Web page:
Young Americans Are Abandoning Car Ownership and Driving
Why do young people hate America so much?
Ari Fleischer, who served as press secretary for President George W. Bush, famously described the propensity of our countrymen to drive around in gas-guzzling vehicles part of the “blessed” American life.
But recent studies have shown a significant drop-off in the number of Americans, particularly young people, who engage in that most iconic American pursuit: owning and driving cars. So much so that The New York Times recently declared “The End of Car Culture.”
The numbers are stark. The percentage of 18-years-olds with a driver’s license plunged from 80 percent in 1983 to 61 percent by 2010. According to an analysis by Advisor Perspectives quoted in the piece, even the number of miles driven per person is below the historic peak by almost 9 percent.
The big question, of course, is why? The recession, and all it entailed—unemployment, stagnating wages, etc.—surely played a part. But, as the Times notes, a lot of these trends preceded the financial crisis.
One of those big, long-term shifts was the movement of large groups of young, college-educated adults back to major urban centers. The likelihood in general of individuals owning cars in urban areas is small. When you live in Brooklyn, a huge chunk of their resources are devoted to their rent. And in today’s gilded cities, parking spots have become luxury goods.
And over the past few decades, the car has become less vital to getting around in a city. Expanded light rail in cities like Phoenix, Salt Lake City, and Houston, more extensive (and newer) busing, as well as successful large-scale bike-sharing programs like Capital Bikeshare in Washington, D.C., Citibike in New York City, and Nice Ride in Minneapolis have allowed even more flexibility for urban residents.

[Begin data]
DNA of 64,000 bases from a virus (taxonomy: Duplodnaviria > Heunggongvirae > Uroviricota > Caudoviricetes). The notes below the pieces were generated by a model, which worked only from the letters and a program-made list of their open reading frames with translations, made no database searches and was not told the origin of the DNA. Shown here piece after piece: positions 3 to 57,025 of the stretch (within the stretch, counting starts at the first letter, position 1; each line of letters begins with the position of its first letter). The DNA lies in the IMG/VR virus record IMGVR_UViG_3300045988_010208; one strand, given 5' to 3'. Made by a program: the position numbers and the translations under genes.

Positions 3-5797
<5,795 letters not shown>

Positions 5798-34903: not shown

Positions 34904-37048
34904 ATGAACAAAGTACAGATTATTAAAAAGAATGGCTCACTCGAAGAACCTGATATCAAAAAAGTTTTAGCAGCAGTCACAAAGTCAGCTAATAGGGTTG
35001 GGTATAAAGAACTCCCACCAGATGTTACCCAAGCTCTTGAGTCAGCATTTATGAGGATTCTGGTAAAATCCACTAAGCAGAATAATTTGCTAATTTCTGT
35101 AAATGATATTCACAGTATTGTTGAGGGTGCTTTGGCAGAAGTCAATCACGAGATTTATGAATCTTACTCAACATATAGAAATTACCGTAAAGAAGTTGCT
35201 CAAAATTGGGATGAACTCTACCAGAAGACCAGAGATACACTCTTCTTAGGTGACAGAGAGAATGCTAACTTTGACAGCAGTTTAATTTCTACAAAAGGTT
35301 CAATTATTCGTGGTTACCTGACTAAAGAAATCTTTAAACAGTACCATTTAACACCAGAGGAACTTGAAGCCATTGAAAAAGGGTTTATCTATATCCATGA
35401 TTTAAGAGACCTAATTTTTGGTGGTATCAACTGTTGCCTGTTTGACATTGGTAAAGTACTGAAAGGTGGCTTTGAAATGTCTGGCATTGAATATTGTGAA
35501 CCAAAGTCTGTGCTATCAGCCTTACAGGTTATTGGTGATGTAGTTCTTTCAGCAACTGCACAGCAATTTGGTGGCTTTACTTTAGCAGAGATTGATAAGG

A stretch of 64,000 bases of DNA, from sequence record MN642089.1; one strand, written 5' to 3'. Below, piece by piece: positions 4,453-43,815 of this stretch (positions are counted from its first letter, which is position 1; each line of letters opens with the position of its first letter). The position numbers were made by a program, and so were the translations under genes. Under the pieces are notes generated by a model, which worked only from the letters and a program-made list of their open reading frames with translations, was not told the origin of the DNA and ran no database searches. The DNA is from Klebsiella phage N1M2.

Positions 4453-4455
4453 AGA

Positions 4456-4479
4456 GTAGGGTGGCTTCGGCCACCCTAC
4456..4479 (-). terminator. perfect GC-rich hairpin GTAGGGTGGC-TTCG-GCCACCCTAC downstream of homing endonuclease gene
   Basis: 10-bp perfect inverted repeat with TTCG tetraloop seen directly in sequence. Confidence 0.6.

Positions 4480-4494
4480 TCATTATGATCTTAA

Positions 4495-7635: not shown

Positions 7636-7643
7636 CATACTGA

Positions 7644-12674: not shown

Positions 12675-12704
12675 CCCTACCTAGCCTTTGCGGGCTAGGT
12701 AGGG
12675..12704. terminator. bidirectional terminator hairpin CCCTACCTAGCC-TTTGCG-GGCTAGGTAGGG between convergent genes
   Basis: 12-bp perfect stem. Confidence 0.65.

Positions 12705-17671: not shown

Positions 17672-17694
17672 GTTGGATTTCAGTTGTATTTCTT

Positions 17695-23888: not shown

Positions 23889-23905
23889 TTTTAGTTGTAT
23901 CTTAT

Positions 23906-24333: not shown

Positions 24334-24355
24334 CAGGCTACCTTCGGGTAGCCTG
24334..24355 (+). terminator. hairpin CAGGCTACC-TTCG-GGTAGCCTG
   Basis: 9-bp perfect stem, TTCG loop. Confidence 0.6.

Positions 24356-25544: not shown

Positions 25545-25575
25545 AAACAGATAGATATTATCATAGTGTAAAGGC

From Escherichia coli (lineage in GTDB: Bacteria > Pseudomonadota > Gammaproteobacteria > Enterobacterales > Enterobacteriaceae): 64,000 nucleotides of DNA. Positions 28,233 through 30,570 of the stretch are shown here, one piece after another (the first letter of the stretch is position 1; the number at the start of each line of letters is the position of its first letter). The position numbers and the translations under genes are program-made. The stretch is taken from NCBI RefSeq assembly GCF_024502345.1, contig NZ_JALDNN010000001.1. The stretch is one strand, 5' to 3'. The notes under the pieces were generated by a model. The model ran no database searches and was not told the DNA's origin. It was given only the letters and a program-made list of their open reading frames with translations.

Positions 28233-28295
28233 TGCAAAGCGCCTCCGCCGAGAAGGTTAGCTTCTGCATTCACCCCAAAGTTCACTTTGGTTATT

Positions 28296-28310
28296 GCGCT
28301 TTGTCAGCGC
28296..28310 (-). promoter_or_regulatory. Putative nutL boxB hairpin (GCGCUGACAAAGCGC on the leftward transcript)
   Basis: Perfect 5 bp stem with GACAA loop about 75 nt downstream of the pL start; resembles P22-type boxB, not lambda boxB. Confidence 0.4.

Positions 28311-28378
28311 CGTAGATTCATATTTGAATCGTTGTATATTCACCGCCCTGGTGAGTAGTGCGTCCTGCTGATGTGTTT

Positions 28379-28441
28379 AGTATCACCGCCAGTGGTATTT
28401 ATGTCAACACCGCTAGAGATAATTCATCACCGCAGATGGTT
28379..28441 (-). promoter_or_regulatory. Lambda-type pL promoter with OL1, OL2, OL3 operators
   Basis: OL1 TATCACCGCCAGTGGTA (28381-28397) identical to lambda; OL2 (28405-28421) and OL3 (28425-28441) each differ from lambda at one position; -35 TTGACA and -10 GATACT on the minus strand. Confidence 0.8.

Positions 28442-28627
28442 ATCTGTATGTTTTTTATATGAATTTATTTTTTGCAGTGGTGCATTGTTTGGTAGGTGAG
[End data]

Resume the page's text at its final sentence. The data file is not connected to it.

Shifting trends in urban retail have also had an effect. Historically one might need a car to go grocery shopping or save money at a large retail chain. Recently however, big box retailers like Target, Costco, and Walmart are increasing their footprint in major cities, and major grocery stores (Safeway or Whole Foods for instance) can be found in most popular neighborhoods (excluding food deserts in poor neighborhoods).
Modern technology has made those decreasing moments where a car is necessary manageable with companies and programs like Zipcar, Uber, Lyft, and Car2Go. With these new businesses, you don’t need to own a car in order to gain the mobility that an automobile provides.
But perhaps one of the biggest reasons young people are not buying or driving cars at the historical rate is the high costs. Many millennials have graduated into poor labor markets bearing heavy debt loads. As a result for many, car ownership is a financial bridge too far. According to TrueCar, the average price of a car sold in 2012 was $30,500. And the cost of cheaper models is not exactly ripe for college grads burdened with record debt. The Ford Fiesta starts at $14,000, Toyota Corolla at $16,230, and the Honda Fit at $15,425. Despite commercials featuring rapping rodents, the price tag of $14,400 for a Kia Soul is still a hard sell. Not to mention that getting excited about a cheaper car is hard to imagine given that most models just are not terribly sexy and tend to blur into one another design-wise.
So what about used cars? Sure, the used-car purchase may not be terribly burdensome, but the costs associated with driving are not insignificant. Filling up continues to be painful—the average gasoline price is $3.47, according to AAA. Then throw in insurance costs, an excise tax depending on what state you live in, and increasingly expensive tolls.
The simple answer to the question of why the drop-off is that many young people just don’t need a car. The auto industry is the nation’s largest manufacturing sector and the nation’s largest retail sector. If it wants to continue to remain so, it will have to revamp its business model to serve young adults who haven’t picked up the habit of owning and driving cars.